Authenticity doesn't mean sharing everything about yourself, with everyone, all of the time. It does mean saying what you mean, meaning what you say, and sticking to your values and principles above all else.

Authentic persons know not everyone will appreciate them, and that's OK. The ones who matter will.

Be helpful.

One of the easiest ways to gain someone's trust is to help them. 

It's often the small things that matter: an offer to make a cup of coffee or tea. Pitching in with the dishes or helping to carry in groceries. Offering a helping hand whenever possible. 

Actions like these inspire trust.

Be honest.

Honest communication is more than saying what you sincerely believe; it means avoiding half-truths and trying your best to represent yourself in a way that's clear and forthright.  

Deceivers may achieve temporary success, but sooner or later the truth comes out. In contrast, those who are honest stick out as invaluable.

Be dependable.

We live in an age of commitment-breaking. It's common for people to back out of an agreement or plan whenever they feel like it. In contrast, those who focus on staying true to their word develop a reputation for reliability and trustworthiness.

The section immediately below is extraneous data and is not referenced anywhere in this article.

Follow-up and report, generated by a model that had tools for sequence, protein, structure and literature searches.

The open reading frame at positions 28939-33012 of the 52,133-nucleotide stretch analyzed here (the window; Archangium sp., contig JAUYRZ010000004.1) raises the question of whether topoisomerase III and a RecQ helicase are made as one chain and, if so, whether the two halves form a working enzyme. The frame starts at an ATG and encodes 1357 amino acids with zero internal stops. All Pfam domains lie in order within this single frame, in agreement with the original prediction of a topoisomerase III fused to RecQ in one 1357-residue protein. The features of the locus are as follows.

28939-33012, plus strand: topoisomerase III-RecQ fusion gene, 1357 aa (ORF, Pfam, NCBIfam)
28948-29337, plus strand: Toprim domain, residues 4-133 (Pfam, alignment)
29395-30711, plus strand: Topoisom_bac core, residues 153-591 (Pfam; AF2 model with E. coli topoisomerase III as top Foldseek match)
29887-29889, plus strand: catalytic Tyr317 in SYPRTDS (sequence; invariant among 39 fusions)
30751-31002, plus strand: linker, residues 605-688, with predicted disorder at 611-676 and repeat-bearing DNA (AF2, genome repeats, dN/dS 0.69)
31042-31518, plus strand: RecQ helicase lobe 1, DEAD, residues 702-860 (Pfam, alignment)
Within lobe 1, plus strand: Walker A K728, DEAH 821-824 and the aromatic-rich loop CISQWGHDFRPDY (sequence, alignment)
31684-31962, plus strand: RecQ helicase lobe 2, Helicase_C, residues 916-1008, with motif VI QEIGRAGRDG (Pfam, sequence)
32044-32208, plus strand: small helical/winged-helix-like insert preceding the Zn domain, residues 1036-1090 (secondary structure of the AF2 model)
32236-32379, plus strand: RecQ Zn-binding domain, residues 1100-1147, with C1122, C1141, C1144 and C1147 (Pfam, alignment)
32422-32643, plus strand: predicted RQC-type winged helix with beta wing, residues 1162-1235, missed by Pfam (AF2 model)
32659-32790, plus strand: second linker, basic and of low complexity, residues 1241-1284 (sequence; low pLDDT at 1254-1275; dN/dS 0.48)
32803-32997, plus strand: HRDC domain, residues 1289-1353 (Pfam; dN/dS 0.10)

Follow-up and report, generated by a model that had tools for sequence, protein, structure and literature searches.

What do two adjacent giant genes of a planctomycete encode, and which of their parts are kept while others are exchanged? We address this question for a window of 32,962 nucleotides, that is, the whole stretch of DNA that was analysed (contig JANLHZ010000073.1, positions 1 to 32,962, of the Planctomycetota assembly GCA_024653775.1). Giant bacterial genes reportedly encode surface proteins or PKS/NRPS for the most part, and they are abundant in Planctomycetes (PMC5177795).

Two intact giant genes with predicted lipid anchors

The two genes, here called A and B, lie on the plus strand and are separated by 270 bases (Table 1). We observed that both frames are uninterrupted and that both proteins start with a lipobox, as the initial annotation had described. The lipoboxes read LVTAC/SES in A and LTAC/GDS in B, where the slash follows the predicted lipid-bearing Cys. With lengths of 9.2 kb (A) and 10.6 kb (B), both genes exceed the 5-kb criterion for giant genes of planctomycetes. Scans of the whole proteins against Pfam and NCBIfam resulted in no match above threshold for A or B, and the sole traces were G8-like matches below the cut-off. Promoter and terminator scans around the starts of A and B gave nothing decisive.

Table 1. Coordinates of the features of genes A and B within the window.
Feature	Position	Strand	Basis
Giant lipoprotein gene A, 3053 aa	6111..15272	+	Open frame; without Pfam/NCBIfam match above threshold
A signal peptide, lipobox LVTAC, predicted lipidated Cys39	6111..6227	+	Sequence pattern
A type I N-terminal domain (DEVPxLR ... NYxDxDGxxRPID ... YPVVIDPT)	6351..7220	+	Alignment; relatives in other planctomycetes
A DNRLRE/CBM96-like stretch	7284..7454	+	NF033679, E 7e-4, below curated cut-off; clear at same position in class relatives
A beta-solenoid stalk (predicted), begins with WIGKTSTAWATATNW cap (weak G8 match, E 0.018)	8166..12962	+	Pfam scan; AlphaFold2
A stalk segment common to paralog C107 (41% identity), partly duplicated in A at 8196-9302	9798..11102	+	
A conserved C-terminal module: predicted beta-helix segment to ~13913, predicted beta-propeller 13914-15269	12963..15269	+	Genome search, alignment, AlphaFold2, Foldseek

In addition, building self-awareness and self-control can help you avoid making commitments to which you have no intention of sticking. For example, a positive and enthusiastic outlook may cause you to over-promise...but once reality catches up, you tend to under-deliver. Identifying this fact, and training yourself to pause and think twice before committing yourself, can help you better live up to your promises.

Show appreciation.

Everyone craves to be appreciated for what they do. Why not give it to them?

It's not enough to feel appreciation for others, you have to show it--otherwise, they may not know.